The Spokes document is, as usual, a comprehensive and thorough argument for (modest) increased spending on cycling in Scotland. It points out many policies, targets and “warm words” that still have to be backed with action – and cash.
The Spokes proposals (if adopted) would mean that spending on cycle projects would roughly double but still only be around 2% of current Scottish spending on Transport. The Scottish Government has indicated that it would like to see 10% of journeys being by bike by 2020. Edinburgh is aiming for 15%.
It is expected that the Committee will question Mr. Swinney further on his Government’s intentions on “Active Travel” and ask him to include some (or all) of the Spokes suggestions in the forthcoming Budget – or justify his refusal for the second year running.
The Committee (convened by Green MSP Patrick Harvie) is calling “for views on walking and cycling in Scotland“. It wants answers to six straightforward questions. “Respondents are invited to structure their responses around the issues identifed by the Committee. You are free to answer as many or as few of the questions as you wish.”
Closing date for submissions – Friday 11 December 2009.
Posted in Active Travel, Bikes on trains, ChangingPace, City of Edinburgh Council, citycycling, Climate Change, commuting, connect2, Core Path Network, cycle parking, cycle training, Cycling News, Cycling Scotland, cycling world, cyclingedinburgh, Demonstration Towns, Edinburgh, EducatedTravel, European Moblity Week, Forth Bridge Route Campaign, HEALTH, paths, Peak Oil, Physical Activity and Health, Safe Routes to School, Spokes, Sustrans, TryCycling | Tagged: Infrastructure and Climate Change Committee, The Transport | Leave a Comment »
Posted by chdot on October 25, 2009
“..when the new Missoni Hotel was opened earlier this year the cycle lane was ditched in favour of a publicly provided parking bay for the hotel and two lanes for motorists.”
It’s been like this since May. After lots of protests by locals and cyclists, the Council ‘promised’ to do something, that was in June.
Michael Northcott’s article says a few other things about the environment in Edinburgh.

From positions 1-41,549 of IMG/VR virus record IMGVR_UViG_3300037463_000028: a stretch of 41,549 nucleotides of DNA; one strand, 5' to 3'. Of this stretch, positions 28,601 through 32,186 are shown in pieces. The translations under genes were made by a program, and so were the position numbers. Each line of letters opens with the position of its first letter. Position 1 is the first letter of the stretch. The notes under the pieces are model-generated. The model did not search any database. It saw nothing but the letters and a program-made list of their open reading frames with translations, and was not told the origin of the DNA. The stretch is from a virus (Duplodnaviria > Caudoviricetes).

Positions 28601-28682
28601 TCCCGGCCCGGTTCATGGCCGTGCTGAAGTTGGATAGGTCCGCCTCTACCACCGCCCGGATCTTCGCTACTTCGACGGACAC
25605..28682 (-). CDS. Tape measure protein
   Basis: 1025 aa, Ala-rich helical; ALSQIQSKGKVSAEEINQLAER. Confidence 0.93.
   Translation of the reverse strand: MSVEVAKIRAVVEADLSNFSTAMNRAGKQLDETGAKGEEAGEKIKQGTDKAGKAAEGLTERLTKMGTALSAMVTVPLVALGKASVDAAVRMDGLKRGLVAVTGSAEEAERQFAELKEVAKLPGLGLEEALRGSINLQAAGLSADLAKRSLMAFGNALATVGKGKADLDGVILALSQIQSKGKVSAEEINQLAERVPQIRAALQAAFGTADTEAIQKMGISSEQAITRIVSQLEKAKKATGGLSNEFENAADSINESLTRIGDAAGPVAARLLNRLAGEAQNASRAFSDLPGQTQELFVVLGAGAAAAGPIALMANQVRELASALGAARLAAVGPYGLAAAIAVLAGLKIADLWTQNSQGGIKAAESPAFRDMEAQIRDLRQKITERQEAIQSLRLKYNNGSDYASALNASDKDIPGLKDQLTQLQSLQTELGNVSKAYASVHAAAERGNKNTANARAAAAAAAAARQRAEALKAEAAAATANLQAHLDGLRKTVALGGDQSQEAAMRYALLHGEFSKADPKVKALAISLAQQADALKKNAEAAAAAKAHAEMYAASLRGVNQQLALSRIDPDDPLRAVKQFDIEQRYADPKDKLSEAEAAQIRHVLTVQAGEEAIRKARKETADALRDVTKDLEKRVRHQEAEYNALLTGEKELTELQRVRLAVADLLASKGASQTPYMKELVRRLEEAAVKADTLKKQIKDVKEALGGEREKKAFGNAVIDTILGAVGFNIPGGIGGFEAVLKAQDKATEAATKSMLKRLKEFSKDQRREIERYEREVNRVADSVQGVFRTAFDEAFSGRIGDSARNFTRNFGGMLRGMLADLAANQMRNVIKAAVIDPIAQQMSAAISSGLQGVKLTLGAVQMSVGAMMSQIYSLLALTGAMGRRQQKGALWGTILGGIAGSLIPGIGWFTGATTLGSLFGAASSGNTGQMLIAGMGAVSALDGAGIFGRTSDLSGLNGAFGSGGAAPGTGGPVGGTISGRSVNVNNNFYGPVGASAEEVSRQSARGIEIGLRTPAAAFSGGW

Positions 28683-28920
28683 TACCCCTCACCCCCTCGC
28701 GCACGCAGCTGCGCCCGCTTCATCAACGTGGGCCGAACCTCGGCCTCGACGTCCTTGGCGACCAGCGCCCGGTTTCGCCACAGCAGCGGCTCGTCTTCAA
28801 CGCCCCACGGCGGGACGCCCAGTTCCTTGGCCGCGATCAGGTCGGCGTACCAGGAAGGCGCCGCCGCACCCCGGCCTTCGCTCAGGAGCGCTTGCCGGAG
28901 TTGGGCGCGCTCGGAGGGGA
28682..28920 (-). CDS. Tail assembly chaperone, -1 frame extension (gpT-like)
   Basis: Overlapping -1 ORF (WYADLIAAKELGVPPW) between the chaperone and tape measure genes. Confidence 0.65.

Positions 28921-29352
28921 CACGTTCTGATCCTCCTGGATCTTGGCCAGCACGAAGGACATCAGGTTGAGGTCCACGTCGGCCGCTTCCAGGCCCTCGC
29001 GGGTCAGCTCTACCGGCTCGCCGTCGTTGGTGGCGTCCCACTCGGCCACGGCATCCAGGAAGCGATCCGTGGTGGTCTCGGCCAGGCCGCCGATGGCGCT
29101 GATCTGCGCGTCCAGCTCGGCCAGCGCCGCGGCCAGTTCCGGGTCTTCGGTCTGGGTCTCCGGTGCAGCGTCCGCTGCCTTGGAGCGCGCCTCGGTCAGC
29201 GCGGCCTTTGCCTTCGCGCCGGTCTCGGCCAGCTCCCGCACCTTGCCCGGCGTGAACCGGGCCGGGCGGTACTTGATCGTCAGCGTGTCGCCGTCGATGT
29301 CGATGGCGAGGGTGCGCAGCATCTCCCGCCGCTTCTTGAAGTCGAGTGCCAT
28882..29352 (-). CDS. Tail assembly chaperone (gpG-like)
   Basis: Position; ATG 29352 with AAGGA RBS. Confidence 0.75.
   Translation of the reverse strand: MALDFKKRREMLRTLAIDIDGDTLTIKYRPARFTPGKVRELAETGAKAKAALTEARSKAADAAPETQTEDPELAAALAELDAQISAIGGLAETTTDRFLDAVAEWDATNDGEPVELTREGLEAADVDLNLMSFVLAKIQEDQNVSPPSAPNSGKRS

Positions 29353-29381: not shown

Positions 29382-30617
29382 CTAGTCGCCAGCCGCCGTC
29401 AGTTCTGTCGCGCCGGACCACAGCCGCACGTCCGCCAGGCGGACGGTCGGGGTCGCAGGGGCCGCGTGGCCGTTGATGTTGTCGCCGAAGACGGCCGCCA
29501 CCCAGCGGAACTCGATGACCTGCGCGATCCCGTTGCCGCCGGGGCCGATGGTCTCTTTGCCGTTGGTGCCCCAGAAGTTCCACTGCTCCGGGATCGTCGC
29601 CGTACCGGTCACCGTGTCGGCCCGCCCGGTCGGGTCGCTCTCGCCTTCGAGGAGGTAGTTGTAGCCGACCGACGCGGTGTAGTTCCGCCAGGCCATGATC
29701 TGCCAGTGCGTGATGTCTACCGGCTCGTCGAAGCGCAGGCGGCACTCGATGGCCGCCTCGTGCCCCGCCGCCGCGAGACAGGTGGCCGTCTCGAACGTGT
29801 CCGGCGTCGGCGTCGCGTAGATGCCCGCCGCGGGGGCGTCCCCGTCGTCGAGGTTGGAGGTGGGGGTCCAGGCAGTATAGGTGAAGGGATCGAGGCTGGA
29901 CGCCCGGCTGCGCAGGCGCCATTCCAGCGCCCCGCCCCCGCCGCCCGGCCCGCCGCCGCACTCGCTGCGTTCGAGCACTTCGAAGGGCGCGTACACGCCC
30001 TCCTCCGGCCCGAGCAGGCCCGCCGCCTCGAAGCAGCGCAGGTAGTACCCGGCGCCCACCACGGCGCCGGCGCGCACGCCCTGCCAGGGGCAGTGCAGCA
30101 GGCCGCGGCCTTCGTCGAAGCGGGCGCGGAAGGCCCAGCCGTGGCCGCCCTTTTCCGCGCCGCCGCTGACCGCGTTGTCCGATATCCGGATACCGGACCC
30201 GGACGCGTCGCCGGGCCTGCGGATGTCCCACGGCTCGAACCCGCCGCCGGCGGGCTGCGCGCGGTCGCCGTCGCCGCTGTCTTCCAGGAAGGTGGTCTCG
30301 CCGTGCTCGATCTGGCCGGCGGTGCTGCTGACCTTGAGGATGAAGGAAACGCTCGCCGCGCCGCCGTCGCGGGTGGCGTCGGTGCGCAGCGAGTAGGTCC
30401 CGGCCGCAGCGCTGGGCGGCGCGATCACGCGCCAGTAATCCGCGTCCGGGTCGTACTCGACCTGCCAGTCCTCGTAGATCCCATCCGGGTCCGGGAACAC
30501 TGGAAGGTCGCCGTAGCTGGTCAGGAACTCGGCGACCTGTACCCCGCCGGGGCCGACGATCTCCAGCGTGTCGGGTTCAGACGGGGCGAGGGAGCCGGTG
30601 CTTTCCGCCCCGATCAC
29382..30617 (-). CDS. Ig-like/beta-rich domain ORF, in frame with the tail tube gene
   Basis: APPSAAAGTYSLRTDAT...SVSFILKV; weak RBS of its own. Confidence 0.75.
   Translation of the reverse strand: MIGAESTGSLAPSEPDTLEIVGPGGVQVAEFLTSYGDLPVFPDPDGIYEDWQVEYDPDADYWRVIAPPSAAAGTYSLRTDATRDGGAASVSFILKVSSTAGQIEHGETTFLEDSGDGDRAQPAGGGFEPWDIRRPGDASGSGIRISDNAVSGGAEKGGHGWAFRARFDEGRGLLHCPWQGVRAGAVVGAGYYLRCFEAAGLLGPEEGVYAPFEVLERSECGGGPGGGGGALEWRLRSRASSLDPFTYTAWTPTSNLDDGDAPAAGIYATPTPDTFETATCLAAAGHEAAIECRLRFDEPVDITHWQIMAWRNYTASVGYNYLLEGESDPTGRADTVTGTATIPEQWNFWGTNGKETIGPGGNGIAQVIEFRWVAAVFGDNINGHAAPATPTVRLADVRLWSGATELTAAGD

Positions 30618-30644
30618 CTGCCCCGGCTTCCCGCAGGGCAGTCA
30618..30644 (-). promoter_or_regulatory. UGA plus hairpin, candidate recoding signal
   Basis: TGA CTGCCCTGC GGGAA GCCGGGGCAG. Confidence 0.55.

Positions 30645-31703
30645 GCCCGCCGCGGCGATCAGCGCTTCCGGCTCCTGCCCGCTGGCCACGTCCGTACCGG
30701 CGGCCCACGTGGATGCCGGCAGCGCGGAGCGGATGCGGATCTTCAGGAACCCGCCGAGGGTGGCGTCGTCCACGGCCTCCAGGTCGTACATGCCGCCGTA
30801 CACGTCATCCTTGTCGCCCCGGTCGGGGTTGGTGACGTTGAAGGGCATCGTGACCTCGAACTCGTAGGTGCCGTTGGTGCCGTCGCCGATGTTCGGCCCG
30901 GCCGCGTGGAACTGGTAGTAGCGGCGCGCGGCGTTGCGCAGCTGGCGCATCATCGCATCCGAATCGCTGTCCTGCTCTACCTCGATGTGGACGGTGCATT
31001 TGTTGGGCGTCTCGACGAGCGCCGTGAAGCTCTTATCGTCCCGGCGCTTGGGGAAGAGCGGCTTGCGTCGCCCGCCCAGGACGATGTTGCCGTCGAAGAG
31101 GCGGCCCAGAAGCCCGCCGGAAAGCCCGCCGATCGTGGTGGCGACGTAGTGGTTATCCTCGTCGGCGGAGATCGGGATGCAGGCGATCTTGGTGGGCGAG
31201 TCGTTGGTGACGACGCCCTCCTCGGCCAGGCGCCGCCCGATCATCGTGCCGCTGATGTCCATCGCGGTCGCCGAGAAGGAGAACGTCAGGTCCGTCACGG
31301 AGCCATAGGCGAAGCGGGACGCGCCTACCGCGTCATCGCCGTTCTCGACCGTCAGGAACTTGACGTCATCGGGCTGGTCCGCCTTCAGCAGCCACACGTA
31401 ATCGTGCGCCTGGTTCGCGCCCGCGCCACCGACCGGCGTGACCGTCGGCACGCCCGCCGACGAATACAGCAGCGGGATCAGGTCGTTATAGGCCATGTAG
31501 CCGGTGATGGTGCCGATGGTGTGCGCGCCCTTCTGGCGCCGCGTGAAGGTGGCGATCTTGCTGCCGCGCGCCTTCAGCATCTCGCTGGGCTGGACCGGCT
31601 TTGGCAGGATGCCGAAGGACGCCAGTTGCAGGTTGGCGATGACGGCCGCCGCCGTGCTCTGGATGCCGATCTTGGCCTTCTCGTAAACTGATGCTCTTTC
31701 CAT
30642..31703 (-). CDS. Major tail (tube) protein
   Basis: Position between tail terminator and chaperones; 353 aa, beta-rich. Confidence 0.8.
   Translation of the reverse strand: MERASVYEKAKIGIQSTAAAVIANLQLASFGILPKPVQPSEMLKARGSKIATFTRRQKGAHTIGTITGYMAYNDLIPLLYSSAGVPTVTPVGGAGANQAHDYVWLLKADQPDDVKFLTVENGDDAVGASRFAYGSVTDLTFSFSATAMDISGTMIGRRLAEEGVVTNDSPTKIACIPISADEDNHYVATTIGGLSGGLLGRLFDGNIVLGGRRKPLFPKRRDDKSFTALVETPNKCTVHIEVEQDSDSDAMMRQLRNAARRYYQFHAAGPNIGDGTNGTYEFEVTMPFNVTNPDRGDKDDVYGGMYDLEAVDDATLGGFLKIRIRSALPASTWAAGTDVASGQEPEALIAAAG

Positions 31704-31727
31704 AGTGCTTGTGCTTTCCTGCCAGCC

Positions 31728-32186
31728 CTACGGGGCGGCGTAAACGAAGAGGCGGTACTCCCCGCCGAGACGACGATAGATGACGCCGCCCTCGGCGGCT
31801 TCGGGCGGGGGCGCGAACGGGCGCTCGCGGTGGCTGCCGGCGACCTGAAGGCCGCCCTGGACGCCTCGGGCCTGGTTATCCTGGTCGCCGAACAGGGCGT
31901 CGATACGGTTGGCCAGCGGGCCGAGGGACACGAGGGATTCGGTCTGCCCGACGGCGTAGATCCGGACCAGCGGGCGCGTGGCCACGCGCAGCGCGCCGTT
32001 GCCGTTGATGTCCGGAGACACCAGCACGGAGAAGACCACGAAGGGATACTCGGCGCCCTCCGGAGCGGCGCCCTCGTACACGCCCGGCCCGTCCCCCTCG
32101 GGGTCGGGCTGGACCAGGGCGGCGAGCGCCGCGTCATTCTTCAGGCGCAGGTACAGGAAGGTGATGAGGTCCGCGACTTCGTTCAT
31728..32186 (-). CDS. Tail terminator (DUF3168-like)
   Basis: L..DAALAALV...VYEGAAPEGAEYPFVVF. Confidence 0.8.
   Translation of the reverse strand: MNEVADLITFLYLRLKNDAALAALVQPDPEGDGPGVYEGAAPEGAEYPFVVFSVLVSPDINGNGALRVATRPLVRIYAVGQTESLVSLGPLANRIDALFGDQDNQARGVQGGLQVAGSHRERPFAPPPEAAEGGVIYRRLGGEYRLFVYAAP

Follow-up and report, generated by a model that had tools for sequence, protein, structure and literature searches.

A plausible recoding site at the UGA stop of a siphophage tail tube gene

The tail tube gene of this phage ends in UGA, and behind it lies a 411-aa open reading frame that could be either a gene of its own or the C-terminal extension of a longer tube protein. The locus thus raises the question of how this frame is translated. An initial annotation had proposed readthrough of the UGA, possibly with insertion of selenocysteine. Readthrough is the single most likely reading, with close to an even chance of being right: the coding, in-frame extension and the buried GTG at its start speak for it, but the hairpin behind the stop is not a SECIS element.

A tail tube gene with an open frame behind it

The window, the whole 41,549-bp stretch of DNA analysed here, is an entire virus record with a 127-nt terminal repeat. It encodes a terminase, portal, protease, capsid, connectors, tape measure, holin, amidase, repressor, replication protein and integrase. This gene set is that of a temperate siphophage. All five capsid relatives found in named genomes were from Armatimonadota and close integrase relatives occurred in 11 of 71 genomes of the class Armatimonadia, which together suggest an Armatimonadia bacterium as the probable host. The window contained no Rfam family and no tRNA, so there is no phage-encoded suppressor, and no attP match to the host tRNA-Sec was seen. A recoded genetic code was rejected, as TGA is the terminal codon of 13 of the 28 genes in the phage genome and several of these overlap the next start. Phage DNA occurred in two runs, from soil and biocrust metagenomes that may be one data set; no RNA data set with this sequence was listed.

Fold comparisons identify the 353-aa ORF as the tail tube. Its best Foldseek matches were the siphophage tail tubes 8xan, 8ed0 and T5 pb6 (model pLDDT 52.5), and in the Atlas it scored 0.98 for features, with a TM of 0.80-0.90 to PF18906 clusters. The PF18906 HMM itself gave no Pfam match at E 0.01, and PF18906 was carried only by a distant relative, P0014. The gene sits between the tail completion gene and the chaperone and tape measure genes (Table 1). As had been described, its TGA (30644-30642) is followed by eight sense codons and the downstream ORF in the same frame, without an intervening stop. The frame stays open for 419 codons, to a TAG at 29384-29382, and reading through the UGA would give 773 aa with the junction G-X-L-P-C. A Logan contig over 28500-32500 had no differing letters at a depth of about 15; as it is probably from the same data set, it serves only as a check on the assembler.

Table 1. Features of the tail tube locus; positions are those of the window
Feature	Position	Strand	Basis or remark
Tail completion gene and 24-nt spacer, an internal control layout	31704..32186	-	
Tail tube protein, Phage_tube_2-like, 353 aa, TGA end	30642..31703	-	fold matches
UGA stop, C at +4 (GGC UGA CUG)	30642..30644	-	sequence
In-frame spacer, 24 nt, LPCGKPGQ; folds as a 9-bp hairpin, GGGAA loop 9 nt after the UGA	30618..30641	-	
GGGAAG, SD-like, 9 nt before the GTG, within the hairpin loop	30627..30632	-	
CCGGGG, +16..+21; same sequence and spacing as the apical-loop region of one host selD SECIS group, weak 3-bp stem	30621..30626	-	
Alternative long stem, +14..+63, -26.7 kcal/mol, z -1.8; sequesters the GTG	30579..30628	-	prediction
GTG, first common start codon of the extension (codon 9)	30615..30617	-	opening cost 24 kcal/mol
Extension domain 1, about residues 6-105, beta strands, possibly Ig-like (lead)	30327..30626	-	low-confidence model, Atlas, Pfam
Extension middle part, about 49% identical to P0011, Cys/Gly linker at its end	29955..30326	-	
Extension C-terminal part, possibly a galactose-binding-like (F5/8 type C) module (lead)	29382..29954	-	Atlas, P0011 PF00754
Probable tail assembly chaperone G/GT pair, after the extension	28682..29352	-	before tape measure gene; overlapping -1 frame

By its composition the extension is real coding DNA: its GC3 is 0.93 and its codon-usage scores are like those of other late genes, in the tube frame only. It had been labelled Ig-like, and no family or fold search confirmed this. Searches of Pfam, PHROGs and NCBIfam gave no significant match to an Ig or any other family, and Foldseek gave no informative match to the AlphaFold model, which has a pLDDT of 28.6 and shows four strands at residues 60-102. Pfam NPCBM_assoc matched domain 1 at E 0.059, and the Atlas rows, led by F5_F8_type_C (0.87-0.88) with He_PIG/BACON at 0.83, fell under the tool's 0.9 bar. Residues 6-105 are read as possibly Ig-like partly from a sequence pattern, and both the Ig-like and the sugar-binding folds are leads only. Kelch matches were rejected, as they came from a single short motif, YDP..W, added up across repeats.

“..the city council continues to favour speeding cars over slow pedestrians. At many junctions pedestrians have to walk hundreds of feet corralled by metal cages to designated crossing points away from their direction of travel.”
But it’s not just Edinburgh that’s mentioned in the Sunday Herald’s “Essay of the Week” which highlights Governments’ and other organisations’ confusion and hypocrisy over Climate Change and economic growth.
“The Scottish Government recently built one of the world’s most expensive pieces of motorway – an extension to the M74 – against strong local opposition, through a housing scheme to the east of Glasgow. The road raises noise and pollution for local residents to unhealthy levels and significantly reduces the quality of their environment. But it enables drivers who don’t live in the area to traverse it at 70mph on yet another fast motorway through the environs of Glasgow, a city already strewn with urban motorways.”
Posted in Active Travel, City of Edinburgh Council, citycycling, Climate Change, commuting, connect2, Core Path Network, cycle parking, cycle training, Cycling News, Cycling Scotland, cycling world, cyclingedinburgh, Demonstration Towns, Edinburgh, EducatedTravel, European Moblity Week, Forth Bridge Route Campaign, Glasgow, Lothian Buses, Peak Oil, ride, Safe Routes to School, Safety, Spokes, Sustrans, technology, Trams, TryCycling, walking, What the papers say | 1 Comment »
Posted by chdot on October 7, 2009
Sustainable Transport campaigners Transform Scotland today issued a new briefing paper – Less Traffic: How Scotland would benefit from Road Traffic Reduction.